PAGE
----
Britain is a highly tribal, class conscious nation, and its working class traditions and outlooks often tend towards stasis. There is an old saying about the difference between Britain and America and can be illustrated thus. A British miner and an American miner were having a chat over a beer.
The British miner says: “I am a miner. I am proud to be a miner and I have worked hard all my life. I want my son to be a miner like me.”
The American miner says: “I am a miner. I am proud to be a miner and I have worked hard all my life. I want my son to be an engineer/doctor/wall street trader” [add aspiration of your choice].
In short, whilst there were no doubt admirable values to be had in no doubt hard working, close knit communities, these generated communities also fostered an insular culture, highly tribal, resolutely and determinedly working class in their allegiances and attitudes, and unable to change. I suggest that these communities were the product of generations of social conditioning derived from social patterns set in the rather brutal furnace of the industrial revolution. In these communities there were not only valuable and laudable virtues of community and hard work, there were also less attractive attitudes such as a culture of belief in entitlement, narrow mindedness, and an entrenched belief that they were entitled for these industries to exist, and to be supported by the State if necessary.
I would argue that they were doomed. To take an example, I heard a woman from Liverpool berating Thatcher today for having “destroyed” her city and ruined her family. But you only have to walk around today with your eyes open to see the problem. Liverpool is a port. Its trade with the world brought in vast riches and shaped and created a city with magnificent buildings. But today the docks are empty. There are no trading ships. Trade has changed. Trade has gone elsewhere. Thatcher did not destroy Liverpool. In a sense, Liverpool’s reason for existence ceased.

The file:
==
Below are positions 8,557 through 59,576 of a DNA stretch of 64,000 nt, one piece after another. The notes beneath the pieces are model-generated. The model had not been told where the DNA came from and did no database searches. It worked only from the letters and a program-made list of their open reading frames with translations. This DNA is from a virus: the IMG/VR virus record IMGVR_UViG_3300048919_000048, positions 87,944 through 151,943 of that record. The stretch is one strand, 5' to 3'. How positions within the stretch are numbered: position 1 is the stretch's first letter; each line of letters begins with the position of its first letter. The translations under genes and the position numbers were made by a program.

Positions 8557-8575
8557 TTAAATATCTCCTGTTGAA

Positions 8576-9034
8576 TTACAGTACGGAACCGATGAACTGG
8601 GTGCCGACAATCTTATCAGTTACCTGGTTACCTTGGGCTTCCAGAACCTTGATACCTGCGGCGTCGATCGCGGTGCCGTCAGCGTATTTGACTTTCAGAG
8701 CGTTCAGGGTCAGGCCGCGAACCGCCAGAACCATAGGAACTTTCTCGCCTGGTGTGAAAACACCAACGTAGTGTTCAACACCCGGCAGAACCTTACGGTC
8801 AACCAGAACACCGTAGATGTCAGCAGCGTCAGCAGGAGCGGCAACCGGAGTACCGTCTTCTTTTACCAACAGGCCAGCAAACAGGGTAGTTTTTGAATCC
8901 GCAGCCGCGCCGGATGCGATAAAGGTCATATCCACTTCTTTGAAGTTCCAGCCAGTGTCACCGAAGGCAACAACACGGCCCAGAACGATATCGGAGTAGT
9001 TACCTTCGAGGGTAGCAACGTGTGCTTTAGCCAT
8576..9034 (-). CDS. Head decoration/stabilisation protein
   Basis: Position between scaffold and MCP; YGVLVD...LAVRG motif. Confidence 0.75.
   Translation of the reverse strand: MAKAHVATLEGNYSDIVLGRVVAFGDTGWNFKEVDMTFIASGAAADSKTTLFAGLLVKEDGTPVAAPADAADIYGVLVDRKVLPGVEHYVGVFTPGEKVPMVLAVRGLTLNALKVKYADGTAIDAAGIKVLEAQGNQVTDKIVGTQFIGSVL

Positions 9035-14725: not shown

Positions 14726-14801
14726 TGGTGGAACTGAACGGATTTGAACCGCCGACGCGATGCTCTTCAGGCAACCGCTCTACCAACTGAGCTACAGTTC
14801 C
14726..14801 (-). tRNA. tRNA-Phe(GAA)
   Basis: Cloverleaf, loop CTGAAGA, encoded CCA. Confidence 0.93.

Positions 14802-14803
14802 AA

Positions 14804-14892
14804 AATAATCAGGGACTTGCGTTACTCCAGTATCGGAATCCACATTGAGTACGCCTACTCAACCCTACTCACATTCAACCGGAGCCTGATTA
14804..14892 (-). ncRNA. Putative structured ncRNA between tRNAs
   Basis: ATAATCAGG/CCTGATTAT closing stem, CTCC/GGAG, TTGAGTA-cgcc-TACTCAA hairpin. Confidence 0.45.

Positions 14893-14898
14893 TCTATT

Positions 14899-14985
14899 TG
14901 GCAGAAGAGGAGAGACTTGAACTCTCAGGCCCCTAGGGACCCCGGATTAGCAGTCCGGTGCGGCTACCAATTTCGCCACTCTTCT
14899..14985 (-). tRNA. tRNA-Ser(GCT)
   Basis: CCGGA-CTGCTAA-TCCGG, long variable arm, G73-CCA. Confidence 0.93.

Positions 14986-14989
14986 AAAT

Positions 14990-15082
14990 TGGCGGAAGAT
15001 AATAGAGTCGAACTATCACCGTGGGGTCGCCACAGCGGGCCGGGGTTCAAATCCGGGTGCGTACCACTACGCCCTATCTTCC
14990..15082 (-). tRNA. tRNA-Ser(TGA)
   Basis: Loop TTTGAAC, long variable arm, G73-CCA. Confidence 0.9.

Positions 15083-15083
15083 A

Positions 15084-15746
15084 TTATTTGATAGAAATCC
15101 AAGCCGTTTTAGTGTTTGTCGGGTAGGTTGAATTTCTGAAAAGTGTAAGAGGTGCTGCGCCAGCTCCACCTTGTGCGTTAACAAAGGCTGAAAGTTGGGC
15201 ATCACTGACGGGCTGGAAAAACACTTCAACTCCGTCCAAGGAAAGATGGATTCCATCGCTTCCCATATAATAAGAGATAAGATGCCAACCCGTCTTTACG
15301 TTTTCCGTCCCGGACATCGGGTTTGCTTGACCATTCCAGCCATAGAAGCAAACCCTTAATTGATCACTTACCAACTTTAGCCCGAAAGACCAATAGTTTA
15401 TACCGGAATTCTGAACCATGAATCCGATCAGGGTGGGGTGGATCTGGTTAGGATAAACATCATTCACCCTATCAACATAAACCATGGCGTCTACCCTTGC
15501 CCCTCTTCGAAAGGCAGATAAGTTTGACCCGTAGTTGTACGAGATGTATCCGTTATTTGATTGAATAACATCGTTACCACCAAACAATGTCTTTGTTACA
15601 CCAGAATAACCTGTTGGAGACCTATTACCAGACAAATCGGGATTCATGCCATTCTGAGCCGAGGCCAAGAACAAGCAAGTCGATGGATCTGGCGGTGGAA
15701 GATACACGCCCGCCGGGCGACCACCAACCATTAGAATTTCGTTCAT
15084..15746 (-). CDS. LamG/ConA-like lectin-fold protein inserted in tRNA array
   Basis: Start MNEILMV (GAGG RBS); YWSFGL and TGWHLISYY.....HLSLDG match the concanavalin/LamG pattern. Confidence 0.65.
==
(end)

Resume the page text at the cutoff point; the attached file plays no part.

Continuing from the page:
Thatcher refused to accept a form of eastern European model in which one of the main functions of society was to glorify and maintain heavy industries which were inefficient, loss making and ultimately beyond salvage. She refused to follow that model, and the results were what they were.
With her twin set and pearls, clipped diction, lower Middle Class persona and frankly blunt and sometimes confrontational attitude, Thatcher was not just an instrument of doom, but the incarnation of all the class attitudes these communities could not understand and loathed. She was the perfect hate figure upon whom the anguish of industrial and social extinction could be focused.
That brings me to the biggest “crime”, the Miner’s Strike and taking on the unions. The Miner’s Strike was a hard time and its confrontations and divisions still echo. But I suggest that Thatcher’s approach and attitudes to the strike and indeed to Trade Union reform as a whole have to be understood in context. I remember the earlier Miner’s Strike in 1972 and the power cuts that went with it that had reduced the Heath Government to impotent irrelevance. I remember the IMF having to bail Britain out. I remember 1978-79 and the Winter of Discontent. I remember the rubbish piling up, fuel shortages, bodies going unburied as the gravediggers refused to turn up. I even stood on a picket line myself. I remember the 98 per cent tax rate.
I will not be far from the only commentator to make the point, but by 1979 there was the sense that Britain might fade into total collapse like some once gloriously beautiful woman, now wracked and impoverished by alcoholism and dying a quite unmarked death of an unknown tramp in a back alley, soaked in her own urine. That is what living in Britain felt like. I will add that there is another school of thought, which is that if things got much worse, Britain might have convulsed into armed revolution not of the Left, but a putsch by the Right, and a truly authoritative Fascist regime take power.